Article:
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the seventeenth century are curious enough, and invaluable as

authorities on manners and costume.  But the attitudes of the

figures are too often stiff and ungainly; while the composition is

frequently left to chance.  England could show nothing much better

than Ogilby's translations of Homer, illustrated with big florid

engravings in sham antique style.  The years between 1730 and 1820,

saw the French "little masters" in their perfection.  The dress of

the middle of the eighteenth century, of the age of Watteau, was

precisely suited to the gay and graceful pencils of Gravelot,

Moreau, Eisen, Boucher, Cochin, Marillier, and Choffard.  To

understand their merits, and the limits of their art, it is enough

to glance through a series of the designs for Voltaire, Corneille,

or Moliere.  The drawings of society are almost invariably dainty

and pleasing, the serious scenes of tragedy leave the spectator

quite unmoved.  Thus it is but natural that these artists should

have shone most in the illustration of airy trifles like Dorat's

"Baisers," or tales like Manon Lescaut, or in designing tailpieces

for translations of the Greek idyllic poets, such as Moschus and

Bion.  In some of his illustrations of books, especially, perhaps,

in the designs for "La Physiologie de Gout" (Jouaust, Paris, 1879),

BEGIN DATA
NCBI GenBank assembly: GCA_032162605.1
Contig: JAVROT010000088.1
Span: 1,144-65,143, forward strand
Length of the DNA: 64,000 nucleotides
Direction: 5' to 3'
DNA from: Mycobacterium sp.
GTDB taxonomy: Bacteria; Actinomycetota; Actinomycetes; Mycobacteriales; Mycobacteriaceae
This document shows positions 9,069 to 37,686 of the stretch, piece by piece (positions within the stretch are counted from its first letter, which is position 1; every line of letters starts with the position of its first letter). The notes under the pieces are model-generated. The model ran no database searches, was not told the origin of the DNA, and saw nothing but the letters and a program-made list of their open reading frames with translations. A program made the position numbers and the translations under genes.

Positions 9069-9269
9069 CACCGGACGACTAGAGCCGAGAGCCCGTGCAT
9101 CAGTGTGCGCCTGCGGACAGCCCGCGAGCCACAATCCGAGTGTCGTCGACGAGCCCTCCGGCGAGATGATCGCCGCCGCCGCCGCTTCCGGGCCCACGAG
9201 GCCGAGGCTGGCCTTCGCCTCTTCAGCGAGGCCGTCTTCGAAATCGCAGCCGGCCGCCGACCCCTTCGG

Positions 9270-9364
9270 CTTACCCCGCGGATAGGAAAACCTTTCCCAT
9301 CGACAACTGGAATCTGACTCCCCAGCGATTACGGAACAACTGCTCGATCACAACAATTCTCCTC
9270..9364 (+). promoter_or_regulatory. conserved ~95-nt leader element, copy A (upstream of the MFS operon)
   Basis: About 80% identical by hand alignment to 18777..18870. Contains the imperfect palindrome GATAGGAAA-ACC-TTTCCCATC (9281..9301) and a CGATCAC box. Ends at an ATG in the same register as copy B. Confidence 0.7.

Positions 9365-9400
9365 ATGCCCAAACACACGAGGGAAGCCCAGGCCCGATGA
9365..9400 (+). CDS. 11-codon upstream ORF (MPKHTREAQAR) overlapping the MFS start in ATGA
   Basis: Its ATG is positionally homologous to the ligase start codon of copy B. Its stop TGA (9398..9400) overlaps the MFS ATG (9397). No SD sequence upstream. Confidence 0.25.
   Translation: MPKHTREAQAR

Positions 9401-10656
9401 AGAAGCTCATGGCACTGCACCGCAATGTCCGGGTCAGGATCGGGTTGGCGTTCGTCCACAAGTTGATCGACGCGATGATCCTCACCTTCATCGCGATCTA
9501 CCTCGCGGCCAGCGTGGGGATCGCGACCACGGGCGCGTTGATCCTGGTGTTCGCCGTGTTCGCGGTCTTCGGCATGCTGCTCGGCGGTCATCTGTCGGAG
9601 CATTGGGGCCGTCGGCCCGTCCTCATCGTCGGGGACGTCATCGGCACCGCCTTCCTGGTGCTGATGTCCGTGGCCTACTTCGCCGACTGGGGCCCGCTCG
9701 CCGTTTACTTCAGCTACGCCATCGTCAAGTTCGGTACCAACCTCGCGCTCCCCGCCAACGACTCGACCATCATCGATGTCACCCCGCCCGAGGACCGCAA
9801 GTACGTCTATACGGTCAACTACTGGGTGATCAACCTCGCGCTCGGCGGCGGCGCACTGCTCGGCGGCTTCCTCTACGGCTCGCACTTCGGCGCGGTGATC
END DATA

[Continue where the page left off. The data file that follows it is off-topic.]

M. Lalauze has shown himself the worthy rival of Eisen and Cochin.

Perhaps it is unnecessary to add that the beauty and value of all

such engravings depends almost entirely on their "state."  The

earlier proofs are much more brilliant than those drawn later, and

etchings on fine papers are justly preferred.  For example, M.

Lalauze's engravings on "Whatman paper," have a beauty which could

scarcely be guessed by people who have only seen specimens on

"papier verge."  Every collector of the old French vignettes, should

possess himself of the "Guide de l'amateur," by M. Henry Cohen

(Rouquette, Paris, 1880).  Among English illustrated books, various

tastes prefer the imaginative works of William Blake, the etchings

of Cruikshank, and the woodcuts of Bewick.  The whole of the last

chapter of this sketch is devoted, by Mr. Austin Dobson, to the

topic of English illustrated books.  Here it may be said, in

passing, that an early copy of William Blake's "Songs of Innocence,"

written, illustrated, printed, coloured, and boarded by the author's

own hand, is one of the most charming objects that a bibliophile can

hope to possess.  The verses of Blake, in a framework of birds, and

flowers, and plumes, all softly and magically tinted, seem like some

book out of King Oberon's library in fairyland, rather than the

productions of a mortal press.  The pictures in Blake's "prophetic

books," and even his illustrations to "Job," show an imagination

more heavily weighted by the technical difficulties of drawing.

The next class of rare books is composed of works from the famous

presses of the Aldi and the Elzevirs.  Other presses have, perhaps,

done work as good, but Estienne, the Giunta, and Plantin, are

comparatively neglected, while the taste for the performances of

Baskerville and Foulis is not very eager.  A safe judgment about

Aldines and Elzevirs is the gift of years and of long experience.

In this place it is only possible to say a few words on a wide

subject.  The founder of the Aldine press, Aldus Pius Manutius, was

born about 1450, and died at Venice in 1514.  He was a man of

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